Issue

Women

Women and girls face a myriad of unique challenges around the globe. Although many countries around the world continue to work to mitigate the historic marginalization of and violence against women and girls, they are often disproportionately affected by war, climate change, poverty, industrialization, and global health crises.

In telling their stories Pulitzer Center journalists illuminate not only the violence and disparity faced by women and girls worldwide, but their resilience and strength in the face of it. Stories as varied as a young woman barricading herself in a hotel room in Bangkok to escape subjugation in Saudi Arabia to the women advocating for reproductive rights in Nigeria show women and girls constantly fighting to assert their own humanity.

 

 

Women

No Place on Earth

In a new book from FotoEvidence, Pulitzer Center grantee Patrick Brown's photography gives horrific depth to the Rohingya genocide.

Canada's Missing and Murdered Women

Over the past three decades, thousands of Canadian Aboriginal women have been murdered or gone missing. The government has begun investigating why indigenous women are so vulnerable to violence.

South Sudan in Crisis

South Sudan is the world’s newest nation but ethnic violence, economic collapse and famine are spiralling. Millions of lives, and the future of the country, are at stake.

We Have No Choice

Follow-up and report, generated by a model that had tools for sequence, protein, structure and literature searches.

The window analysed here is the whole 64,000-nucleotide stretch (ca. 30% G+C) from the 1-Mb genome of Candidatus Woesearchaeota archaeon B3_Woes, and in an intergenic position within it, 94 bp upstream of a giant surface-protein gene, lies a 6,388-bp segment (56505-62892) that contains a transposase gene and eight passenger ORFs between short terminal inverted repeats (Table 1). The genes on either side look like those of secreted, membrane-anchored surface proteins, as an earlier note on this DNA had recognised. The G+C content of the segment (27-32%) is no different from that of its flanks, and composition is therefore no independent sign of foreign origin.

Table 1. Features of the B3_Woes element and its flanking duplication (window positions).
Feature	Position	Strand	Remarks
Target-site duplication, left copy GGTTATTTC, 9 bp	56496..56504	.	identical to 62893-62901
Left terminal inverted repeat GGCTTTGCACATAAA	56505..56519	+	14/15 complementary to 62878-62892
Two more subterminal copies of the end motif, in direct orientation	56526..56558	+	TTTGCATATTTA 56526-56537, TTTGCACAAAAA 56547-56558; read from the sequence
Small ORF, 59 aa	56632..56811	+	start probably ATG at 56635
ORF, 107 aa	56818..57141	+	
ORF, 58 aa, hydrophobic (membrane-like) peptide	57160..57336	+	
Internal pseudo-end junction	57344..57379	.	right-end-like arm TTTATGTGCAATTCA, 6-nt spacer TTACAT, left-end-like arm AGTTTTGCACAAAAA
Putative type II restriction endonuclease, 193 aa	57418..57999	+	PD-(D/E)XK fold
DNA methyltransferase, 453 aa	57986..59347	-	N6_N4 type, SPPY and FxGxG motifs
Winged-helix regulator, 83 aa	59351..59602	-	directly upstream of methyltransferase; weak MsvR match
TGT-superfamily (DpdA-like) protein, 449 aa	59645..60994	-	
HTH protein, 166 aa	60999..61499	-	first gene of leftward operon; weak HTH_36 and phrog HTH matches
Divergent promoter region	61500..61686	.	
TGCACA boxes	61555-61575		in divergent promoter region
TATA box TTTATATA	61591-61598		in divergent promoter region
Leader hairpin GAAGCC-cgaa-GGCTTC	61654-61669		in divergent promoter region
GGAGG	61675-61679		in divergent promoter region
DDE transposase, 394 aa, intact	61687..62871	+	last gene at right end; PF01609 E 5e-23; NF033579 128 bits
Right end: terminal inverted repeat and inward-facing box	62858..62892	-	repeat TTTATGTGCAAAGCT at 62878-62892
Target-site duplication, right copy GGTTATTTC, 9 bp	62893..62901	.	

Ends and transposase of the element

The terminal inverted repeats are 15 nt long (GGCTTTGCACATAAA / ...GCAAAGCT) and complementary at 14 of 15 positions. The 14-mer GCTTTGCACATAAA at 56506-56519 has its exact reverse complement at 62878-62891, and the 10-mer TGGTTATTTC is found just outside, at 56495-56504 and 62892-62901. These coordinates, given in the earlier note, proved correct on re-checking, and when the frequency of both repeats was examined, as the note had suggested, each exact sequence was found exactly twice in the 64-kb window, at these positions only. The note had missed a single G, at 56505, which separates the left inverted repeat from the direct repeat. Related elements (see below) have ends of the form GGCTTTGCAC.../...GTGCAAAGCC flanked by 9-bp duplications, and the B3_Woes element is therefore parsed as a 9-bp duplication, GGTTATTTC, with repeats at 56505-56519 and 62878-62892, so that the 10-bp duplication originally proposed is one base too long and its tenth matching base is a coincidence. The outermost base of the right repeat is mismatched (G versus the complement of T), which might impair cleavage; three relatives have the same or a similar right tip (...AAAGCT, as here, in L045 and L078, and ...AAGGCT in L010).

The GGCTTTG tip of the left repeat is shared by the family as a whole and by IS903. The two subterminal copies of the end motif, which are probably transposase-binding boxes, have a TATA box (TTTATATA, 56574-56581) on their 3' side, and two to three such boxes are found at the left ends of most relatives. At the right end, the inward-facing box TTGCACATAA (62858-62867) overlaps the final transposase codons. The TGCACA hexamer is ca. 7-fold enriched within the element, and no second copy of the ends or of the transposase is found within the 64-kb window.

Most African migrants heading to Europe unwittingly follow the ancient caravan routes of the trans-Saharan slave trade. Along the way, many are trafficked, sold, and brutally exploited.

Ending Female Genital Mutilation in Ethiopia

Female genital mutilation affects 200 million girls and women worldwide. But in Ethiopia, Bogaletch Gebre's nonprofit has reduced FGM in one region from 97 percent to 3 percent by working within communities.

What's Driving HIV in South Africa?

Young women are at particularly high risk for HIV in parts of sub-Saharan Africa, where about 5,000 of them acquire the disease each week. Is a drug to prevent HIV really the best solution? Amy Maxmen looks at alternative solutions in South Africa.

Meet the Journalist: Alice Su

Why do young people from Jordan and Tunisia decide to join militant groups in Syria? Are they driven by ideological, economic, or other factors? How are governments trying to stop them?

Meet the Journalist: Mathilde Dratwa

Mathilde Dratwa discusses what attracted her to Rhitu Chatterjee’s reporting on India’s school lunch program and describes the challenges of honoring nuanced reporting in short animations.

Creating Everyday Coolidge

Inspired by a Pulitzer Center workshop introducing Everyday Africa, a DC teacher and her students created "Everyday Coolidge" to combat stereotypes and share everyday life at Coolidge High School.